What are your chances of getting hit by a car? It depends. If you’re a senior, out on a rainy night, wear dark clothing and cross the road, especially between intersections, your risk is higher. This is not to attach blame to the pedestrian (motorists are legally required to drive safely and adapt to the prevailing conditions) but all of these factors are definitely a consideration, especially when we know that there are intoxicated, careless and inattentive drivers out there.
We can control many risks in our daily lives. We wear seat belts in the car and stay away from the subway platform edge. These are sensible and proven precautions aimed at a real risk. On the other hand, when we overestimate the odds of something happening, our quality of life can suffer.
The probability of being attacked by a shark is tiny – close to that of matching all six numbers. If you stay out of the water, you improve your odds but lose the joy of swimming in an ocean. Yes, people get ‘taken’ by sharks and people also win the El Gordo but we deprive ourselves and limit our possibilities by overestimating dangers.
Crime is generally not random. Attackers are often known by their victims. Much violent crime occurs at night and on weekends most crimes happen at night. Poor and cooler weather seems to discourage crime. July is the month when most shootings occur and January / February have the least. Our current crime wave seems to be partly driven by domestic terrorists looking for notoriety by targeting (usually young and black) people in other neighbourhoods. Social media seems to be the place where they can bask in their new-found notoriety.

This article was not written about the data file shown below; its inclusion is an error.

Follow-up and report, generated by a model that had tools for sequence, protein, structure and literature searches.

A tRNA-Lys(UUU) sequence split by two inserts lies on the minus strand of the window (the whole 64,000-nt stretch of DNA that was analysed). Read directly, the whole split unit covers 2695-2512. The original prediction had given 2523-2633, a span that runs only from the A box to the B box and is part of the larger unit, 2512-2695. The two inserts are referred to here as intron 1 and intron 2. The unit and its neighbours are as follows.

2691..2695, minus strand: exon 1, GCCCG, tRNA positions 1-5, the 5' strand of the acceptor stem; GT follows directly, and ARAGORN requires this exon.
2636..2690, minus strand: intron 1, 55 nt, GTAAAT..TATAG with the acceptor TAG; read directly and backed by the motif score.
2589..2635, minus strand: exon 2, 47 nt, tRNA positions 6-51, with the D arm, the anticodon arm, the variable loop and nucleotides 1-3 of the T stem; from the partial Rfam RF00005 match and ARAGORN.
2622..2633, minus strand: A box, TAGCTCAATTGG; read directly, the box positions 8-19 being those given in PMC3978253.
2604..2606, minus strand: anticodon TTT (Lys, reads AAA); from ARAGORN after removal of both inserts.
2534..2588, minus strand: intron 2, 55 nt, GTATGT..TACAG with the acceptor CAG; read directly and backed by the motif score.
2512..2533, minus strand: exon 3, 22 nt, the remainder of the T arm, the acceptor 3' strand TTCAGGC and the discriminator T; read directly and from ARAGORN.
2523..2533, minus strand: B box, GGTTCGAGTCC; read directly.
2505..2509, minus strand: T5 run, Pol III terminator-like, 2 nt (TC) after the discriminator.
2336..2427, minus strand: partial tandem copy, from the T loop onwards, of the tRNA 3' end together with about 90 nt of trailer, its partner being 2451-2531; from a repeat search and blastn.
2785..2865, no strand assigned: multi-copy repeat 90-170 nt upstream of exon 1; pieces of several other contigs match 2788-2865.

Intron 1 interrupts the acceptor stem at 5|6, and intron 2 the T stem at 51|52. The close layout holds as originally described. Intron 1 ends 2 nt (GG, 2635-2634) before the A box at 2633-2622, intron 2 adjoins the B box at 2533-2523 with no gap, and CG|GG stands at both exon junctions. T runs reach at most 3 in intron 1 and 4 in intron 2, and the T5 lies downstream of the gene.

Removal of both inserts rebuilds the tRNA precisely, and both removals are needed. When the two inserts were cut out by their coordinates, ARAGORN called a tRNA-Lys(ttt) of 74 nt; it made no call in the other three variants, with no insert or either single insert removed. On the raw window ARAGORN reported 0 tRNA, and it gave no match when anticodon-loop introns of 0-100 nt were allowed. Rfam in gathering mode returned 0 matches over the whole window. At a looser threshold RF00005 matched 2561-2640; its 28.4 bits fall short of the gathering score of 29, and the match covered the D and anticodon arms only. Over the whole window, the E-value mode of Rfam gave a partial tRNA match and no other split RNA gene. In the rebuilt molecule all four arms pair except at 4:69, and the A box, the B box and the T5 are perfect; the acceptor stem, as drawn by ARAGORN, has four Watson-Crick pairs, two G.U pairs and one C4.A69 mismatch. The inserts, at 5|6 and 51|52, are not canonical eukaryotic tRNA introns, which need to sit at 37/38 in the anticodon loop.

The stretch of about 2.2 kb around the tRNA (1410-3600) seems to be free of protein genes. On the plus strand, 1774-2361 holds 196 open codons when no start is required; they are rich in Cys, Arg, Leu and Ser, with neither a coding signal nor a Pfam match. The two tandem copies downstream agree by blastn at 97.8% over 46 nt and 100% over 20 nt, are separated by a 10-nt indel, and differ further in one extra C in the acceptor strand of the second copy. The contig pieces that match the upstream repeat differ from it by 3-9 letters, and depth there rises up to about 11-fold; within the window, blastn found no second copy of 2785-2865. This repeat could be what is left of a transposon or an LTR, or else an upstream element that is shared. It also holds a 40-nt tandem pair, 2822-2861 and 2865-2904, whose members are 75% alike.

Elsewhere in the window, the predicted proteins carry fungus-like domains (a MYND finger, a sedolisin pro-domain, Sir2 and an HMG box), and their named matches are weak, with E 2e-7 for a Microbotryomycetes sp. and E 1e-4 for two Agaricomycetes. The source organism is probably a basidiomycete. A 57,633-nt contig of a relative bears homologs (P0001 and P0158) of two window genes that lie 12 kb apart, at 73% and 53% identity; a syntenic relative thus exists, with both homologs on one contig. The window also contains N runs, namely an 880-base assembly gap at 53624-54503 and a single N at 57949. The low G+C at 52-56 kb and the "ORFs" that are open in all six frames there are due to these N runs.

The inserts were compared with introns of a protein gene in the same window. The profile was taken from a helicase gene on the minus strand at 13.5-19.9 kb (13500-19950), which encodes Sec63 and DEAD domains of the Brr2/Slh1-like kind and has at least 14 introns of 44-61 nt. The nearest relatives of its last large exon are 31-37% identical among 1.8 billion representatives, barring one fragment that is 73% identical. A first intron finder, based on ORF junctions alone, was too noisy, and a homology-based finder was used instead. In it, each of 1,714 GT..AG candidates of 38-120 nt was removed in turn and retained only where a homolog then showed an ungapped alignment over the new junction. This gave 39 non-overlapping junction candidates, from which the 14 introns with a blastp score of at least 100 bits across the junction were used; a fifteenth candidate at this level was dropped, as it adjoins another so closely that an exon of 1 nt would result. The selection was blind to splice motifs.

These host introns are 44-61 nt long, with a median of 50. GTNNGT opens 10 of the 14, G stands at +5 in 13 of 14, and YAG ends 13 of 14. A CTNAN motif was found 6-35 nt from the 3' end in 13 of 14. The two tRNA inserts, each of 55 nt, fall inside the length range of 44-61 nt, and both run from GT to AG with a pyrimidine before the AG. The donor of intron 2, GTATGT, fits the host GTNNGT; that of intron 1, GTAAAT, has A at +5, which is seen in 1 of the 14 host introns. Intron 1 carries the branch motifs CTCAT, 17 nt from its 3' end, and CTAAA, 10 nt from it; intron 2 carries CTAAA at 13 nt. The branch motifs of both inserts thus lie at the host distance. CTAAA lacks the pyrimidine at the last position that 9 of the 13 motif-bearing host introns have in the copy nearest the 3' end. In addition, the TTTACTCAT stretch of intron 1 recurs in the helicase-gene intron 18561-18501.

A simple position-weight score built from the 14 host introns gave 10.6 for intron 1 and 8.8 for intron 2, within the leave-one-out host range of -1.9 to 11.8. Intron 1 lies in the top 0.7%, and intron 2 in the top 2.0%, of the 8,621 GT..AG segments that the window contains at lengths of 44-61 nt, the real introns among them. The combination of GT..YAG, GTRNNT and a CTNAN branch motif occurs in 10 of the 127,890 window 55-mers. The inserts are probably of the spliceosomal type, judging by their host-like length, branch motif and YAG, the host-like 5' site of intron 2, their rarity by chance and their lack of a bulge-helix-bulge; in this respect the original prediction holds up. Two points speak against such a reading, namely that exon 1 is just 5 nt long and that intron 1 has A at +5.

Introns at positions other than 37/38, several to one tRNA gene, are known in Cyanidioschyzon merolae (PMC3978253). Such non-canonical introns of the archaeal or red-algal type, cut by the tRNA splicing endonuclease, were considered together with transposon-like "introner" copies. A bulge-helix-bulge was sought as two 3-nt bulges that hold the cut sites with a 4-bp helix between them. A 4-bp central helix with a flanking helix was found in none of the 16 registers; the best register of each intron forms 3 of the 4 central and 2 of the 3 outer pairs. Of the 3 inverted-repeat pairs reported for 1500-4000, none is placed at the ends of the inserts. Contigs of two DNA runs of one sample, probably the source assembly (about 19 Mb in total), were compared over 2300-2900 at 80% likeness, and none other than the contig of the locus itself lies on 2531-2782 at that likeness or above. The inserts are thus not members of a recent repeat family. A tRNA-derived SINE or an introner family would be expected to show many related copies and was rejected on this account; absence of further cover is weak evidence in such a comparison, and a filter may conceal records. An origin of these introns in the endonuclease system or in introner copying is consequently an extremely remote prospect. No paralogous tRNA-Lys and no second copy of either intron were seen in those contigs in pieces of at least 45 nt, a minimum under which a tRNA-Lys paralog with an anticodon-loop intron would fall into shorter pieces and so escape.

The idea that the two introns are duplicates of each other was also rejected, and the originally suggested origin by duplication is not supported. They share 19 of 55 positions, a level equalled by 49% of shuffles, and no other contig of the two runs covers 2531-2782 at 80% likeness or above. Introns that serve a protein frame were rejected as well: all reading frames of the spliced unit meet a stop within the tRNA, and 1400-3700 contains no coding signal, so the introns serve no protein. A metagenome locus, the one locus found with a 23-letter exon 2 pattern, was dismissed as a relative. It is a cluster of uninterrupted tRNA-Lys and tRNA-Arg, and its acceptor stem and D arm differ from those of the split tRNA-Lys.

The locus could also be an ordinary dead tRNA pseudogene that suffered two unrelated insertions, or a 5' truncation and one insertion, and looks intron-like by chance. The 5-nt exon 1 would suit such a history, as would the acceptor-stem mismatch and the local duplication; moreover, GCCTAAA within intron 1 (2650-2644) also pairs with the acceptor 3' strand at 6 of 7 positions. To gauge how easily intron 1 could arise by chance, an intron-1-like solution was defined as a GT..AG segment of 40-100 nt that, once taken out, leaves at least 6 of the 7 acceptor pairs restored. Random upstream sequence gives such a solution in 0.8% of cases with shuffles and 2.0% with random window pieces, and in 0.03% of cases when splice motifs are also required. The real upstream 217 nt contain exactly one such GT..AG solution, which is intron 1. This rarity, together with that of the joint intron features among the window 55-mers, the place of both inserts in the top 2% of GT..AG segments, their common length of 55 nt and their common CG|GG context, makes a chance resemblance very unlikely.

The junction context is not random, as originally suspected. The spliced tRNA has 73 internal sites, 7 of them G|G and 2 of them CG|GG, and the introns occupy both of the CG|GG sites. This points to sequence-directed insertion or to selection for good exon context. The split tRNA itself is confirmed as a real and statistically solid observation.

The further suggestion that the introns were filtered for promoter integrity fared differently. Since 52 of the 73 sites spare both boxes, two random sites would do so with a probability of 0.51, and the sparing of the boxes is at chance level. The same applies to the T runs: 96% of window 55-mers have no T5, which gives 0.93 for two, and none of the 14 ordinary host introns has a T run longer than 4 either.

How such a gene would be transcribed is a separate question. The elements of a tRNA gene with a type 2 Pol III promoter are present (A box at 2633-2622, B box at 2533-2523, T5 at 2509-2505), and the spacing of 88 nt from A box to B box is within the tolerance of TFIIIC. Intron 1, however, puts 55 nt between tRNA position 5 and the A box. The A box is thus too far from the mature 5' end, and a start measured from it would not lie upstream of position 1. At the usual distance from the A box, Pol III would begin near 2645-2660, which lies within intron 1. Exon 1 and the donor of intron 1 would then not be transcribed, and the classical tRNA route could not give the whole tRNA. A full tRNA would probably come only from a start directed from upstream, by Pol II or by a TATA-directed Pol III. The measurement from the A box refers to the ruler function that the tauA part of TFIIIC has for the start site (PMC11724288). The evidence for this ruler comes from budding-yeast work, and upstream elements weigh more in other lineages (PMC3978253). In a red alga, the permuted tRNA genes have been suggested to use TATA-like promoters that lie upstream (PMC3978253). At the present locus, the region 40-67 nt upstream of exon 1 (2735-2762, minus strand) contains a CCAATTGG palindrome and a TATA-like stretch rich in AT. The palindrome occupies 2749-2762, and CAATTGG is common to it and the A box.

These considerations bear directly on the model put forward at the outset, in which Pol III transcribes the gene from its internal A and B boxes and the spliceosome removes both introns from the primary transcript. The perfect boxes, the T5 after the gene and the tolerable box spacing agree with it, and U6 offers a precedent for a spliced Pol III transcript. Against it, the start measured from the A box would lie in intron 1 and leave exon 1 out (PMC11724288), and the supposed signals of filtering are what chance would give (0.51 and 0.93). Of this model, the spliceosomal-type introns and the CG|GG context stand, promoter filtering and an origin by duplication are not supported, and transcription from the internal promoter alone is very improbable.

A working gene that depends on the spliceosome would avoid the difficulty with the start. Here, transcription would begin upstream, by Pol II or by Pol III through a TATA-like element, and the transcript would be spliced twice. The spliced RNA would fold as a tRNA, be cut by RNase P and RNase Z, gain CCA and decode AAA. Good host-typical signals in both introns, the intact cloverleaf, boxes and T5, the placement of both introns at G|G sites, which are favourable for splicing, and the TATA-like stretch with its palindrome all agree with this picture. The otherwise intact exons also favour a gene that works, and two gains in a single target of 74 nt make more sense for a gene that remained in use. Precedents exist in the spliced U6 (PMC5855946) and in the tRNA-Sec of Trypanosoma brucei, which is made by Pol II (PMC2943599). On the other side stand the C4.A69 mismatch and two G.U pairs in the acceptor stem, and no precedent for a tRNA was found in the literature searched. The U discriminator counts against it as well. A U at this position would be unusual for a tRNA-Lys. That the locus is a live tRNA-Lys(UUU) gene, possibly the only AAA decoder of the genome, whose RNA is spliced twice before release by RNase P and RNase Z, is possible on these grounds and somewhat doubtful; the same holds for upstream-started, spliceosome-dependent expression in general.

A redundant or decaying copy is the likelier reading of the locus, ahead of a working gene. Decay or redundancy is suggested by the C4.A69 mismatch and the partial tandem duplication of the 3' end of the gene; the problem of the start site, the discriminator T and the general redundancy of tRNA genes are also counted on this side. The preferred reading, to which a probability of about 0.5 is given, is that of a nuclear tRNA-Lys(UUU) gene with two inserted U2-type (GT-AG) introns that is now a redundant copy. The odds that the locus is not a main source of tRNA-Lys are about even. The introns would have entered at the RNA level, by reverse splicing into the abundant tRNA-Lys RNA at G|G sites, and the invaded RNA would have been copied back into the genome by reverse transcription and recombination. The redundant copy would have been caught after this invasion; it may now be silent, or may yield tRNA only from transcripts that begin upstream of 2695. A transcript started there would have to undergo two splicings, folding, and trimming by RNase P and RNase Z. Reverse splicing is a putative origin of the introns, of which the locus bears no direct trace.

So where does that leave people who see crime stories and decide that an area is no longer safe? Is this a reasonable response?
The answer is clearly no for most people.
What can residents do to lower their risk of being a victim?
Since there’s little risk in the first place, the best advice is to carry on and not be ruled by fear. You still cross the road and that’s the most dangerous thing that anyone can do in this city. By fearfully abandoning a neighbourhood, you become a part of the problem and you lower your own quality of life.
To the families who have made Weston their home in recent years; welcome. You were right to move here. Don’t let fear stop you from enjoying your new neighbourhood.
If you see crime you can report it and be rewarded anonymously here.
The police will be hosting a series of town halls in the Weston area to address gang membership and violence.
The meetings will be
- This Wednesday from 6–9 p.m. at York Rec
- This Thursday from 6–9 p.m. at For Youth Initiative Youth Centre at 1652 Keele St